Smuts pilot dies in Port Alfred

OLD SOLDIER PASSES ON: Major General Tom Cockbain in his South African Air Force regalia, when he was a younger man Picture: SUPPLIED

MAJOR General Tom Cockbain, a long-time Port Alfred resident who was the personal pilot for Prime Minister Jan Smuts during World War II, died last week.

Cockbain was born in Port Elizabeth on February 3 1918. He grew up on farms in the Albany and Alicedale areas. His interest in flying started at an early age when an aircraft flew over their farm. He decided then that one day he would become a pilot.

His life’s travels began on horseback and by ox wagon, and went on to breaking the sound barrier in a Mirage lll. Space travel was of particular interest to him and until recently he kept abreast of the latest developments.

Educated at Graeme College, he matriculated in 1936, and then joined the Grahamstown municipality as an apprentice electrician.

Cockbain joined the South African Air Force (SAAF) pupil pilot scheme in early June 1938 and flew his first solo flight on July 8 of that year. Soon after the outbreak of World War ll he joined the SAAF and flew coastal patrols from Grahamstown and Port Alfred.

After being selected to attend the Royal Air Force senior navigators course, Cockbain joined the crew of the then prime minister, Field Marshall Jan Smuts. The Avro York that they flew was a sister aircraft to Winston Churchill’s official air transport.

At the end of the war there was a rekindling of Cockbain’s interest in things electronic. This resulted in possibly his greatest achievement when he designed and developed South Africa’s radar defence system. Known as the “father of radar” in this country, he had one of the most modern computerised radar systems of that era under his command.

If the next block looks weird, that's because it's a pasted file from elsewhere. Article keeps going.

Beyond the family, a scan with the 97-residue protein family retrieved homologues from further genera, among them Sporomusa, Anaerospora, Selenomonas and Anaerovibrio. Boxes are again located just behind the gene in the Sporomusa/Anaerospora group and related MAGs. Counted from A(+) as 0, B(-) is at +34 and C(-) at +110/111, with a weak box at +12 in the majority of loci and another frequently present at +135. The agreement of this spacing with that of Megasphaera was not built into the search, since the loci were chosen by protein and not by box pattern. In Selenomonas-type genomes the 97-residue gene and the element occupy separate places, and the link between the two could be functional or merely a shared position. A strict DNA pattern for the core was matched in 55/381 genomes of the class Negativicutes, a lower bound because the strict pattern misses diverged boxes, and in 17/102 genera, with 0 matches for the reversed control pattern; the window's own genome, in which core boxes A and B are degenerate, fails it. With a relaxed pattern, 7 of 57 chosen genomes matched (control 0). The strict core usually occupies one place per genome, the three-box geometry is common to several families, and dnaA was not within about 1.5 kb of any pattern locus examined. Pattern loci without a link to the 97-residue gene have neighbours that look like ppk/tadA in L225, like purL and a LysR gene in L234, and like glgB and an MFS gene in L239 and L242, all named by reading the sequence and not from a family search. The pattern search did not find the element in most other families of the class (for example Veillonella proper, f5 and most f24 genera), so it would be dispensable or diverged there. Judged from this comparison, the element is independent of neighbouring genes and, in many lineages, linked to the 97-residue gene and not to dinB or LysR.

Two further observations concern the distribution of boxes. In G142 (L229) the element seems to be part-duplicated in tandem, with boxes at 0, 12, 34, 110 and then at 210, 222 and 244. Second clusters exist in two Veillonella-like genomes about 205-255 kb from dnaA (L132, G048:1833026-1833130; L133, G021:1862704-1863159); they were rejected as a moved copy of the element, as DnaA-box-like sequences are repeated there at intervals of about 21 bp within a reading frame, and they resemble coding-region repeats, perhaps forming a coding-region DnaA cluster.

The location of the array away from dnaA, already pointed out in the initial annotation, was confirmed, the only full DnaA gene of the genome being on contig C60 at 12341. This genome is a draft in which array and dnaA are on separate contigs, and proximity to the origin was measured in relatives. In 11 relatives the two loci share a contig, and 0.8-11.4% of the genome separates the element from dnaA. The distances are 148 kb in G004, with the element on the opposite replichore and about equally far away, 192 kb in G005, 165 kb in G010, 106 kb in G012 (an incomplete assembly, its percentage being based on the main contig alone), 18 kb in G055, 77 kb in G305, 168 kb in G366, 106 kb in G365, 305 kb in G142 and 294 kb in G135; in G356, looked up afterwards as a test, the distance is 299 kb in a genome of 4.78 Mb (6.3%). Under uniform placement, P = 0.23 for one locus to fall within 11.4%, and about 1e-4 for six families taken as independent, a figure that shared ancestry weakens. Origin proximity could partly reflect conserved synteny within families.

Before his retirement in 1977, as a major general, he was Chief of Air Staff Logistics. Retirement did not mean that Cockbain would slow down and he took to civilian life as an electronic engineering consultant with great success.

Soon he purchased a share in, and became a director of an existing electronics firm which was re-named Telkor. This company grew into a large concern and was later purchased by the Barlow Group.

When he moved to Port Alfred the general was soon involved in the Lower Albany Historical Society, NSRI and became the president of the Bathurst Agricultural Society. He was a founder member of the Port Alfred branch of the SA Air Force Association and established the garden of remembrance at 43 Air School. He was a well known and respected resident of Port Alfred for 35 years.

His passing on May 24 at Settlers Park is indeed the end of an era.

A memorial service will be held at the Don Powis hall at Settlers Park on Thursday at 3pm.

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